Obrienatrix recently migrated various writings over here, that were previously in the Forum for Medieval and Renaissance Studies in Ireland‘s “Village Green” section, being:
[a] home for reflections and ruminations Medieval and Renaissance, from the aphorism to the treatise. […] being broadly construed to encompass the period from Late Antique to Early Modern, or its local equivalent, in all parts of the world; and to include the following discursive modes:
- Glosses, translations, and scholarly queries
- Commentary, ideas, notes, jottings, observations, and all manner of cogitations
- Conundrums and Paradoxes, Points to Ponder, Things Spotted (and Unspotted)
- Questions, issues in research, requests for information and help (where to find something, how to access a certain resources, where one might find more information on a given topic)
- Lengthier pieces of writing
- Discussion about forthcoming activities of a verbally performative sort. Including but not restricted to talks, lectures, conferences, colloquia, workshops, and seminars. And commentary thereon once they have occurred.
- Discussion about forthcoming activities of a written and published nature, rather than of a performative sort. Calls for papers for books and journals. Announcements of forthcoming publications. Launches. Prizes and awards ceremonies. News, previews, reviews. And, again, postmortem commentary.
Now, this was all a very fine and splendid idea; and people certainly do do this sort of thing online – Medievalists, and of course many others in other academic fields, more so in some (philosophy) than in others, and more so in some places and intellectual cultures than in others. Alas, a better idea in theory than in practice. Over the course of the last year, with a couple of exceptions (Dr Carrie Griffin of University College Cork – a shout out to you, O fine lady!), posts were exclusively written by Yours Truly. Who was therefore somewhat grumpy and peeved, and despaired of her fellow-man (but then again, she does deal a lot with misanthropic literature, so can blame the Method Reading).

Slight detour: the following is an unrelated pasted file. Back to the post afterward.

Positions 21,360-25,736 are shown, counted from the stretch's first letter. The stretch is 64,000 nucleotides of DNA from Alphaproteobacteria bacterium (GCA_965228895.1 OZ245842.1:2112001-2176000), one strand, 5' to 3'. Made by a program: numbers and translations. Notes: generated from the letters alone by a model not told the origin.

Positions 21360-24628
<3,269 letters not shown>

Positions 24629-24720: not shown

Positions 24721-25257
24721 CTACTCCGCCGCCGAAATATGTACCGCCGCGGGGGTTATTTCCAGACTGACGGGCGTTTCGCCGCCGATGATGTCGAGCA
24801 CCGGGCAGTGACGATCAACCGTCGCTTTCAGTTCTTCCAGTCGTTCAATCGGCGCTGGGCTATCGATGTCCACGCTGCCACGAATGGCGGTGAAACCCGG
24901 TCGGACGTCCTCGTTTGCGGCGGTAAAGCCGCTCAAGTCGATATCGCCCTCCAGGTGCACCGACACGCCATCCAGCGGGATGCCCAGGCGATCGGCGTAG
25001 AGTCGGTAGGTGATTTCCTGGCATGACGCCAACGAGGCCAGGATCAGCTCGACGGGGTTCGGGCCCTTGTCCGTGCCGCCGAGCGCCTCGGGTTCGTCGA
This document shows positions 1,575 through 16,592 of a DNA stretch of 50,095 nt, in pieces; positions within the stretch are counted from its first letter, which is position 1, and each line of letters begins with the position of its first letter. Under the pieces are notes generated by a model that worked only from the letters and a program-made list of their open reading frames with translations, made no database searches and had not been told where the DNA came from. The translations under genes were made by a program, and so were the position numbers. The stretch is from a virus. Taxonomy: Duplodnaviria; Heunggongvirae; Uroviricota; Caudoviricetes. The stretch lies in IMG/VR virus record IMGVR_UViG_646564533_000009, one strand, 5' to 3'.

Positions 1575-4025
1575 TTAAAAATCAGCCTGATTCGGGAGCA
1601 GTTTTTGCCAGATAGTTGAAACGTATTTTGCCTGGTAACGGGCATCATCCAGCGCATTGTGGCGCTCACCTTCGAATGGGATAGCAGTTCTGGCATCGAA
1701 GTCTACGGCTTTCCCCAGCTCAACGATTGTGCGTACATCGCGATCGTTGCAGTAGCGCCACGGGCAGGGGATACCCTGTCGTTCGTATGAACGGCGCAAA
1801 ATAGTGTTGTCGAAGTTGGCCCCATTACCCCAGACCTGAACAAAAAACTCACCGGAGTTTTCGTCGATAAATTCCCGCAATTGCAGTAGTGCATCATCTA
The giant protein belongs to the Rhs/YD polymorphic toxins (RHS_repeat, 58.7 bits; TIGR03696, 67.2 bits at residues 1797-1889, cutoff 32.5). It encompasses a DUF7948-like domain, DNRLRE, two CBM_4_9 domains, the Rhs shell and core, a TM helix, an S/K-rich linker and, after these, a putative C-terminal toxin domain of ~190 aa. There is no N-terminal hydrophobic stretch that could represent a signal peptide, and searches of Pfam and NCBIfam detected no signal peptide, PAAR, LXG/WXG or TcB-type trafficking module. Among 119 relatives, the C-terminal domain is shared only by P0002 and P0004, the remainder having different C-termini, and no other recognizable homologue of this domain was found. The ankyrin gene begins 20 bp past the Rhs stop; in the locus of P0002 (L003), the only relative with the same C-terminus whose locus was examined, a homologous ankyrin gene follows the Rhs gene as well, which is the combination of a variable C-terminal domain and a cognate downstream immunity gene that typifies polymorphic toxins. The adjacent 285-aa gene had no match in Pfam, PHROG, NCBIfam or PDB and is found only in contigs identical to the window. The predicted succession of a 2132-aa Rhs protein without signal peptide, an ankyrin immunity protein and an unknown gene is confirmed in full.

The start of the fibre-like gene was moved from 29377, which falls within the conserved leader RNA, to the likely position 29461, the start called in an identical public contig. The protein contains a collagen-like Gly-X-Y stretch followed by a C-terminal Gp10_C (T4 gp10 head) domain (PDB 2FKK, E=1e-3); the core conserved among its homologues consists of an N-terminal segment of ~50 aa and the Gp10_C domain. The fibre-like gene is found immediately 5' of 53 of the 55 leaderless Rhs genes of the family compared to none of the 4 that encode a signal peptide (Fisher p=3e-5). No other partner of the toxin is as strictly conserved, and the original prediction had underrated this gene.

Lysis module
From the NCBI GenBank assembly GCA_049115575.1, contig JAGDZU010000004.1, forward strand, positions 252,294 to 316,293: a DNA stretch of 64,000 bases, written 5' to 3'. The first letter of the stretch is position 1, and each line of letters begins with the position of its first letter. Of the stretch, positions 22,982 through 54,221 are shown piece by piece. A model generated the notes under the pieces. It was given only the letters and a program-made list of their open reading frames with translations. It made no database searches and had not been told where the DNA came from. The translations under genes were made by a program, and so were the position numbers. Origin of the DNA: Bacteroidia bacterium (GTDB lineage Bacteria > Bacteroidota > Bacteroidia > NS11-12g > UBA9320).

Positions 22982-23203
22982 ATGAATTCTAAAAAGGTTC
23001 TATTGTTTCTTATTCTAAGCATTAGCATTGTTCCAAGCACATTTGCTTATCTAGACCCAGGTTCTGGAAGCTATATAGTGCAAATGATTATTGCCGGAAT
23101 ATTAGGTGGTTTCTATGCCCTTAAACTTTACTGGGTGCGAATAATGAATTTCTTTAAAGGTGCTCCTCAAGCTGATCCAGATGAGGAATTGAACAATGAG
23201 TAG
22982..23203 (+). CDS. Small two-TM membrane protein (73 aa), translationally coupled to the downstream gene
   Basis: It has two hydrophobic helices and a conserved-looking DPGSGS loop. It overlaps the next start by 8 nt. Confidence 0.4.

A secondary issue arose: Obrienatrix found herself writing several sorts of post on the FMRSI, in different voices depending on the style/form/mode/content. In all of these, speaking in the third person, as “Your Administratrix” or “Admin.” Which might, she admits, be confusing to Forum readers and members; and was certainly confusing her. Thus, a second reason for Moving Meta-Meta was to reassemble herself – in all her conflicting glory – albeit still in the semblance of a persona. On which, she recommends François Rigolot, “Intentionalité du texte et théorie de la persona: le cas des Épitres de l’Amant Vert,” in Le Texte de la Renaissance: des Rhétoriqueurs à Montaigne (Geneva: Droz, 1983): 61-75; “L’Émergence de la subjectivité littéraire moderne: Les Épîtres de l’Amant Vert de Jean Lemaire de Belges,” Disputatio 1 (1996): 153-59.
All that having been said, she will usually stick to the third person, following the good example set by the long-standing tradition of satirical writing. Just in case she has to do any. Some of the Assertions & Comments are, after all, tending in that direction. Ever so gently, mind you.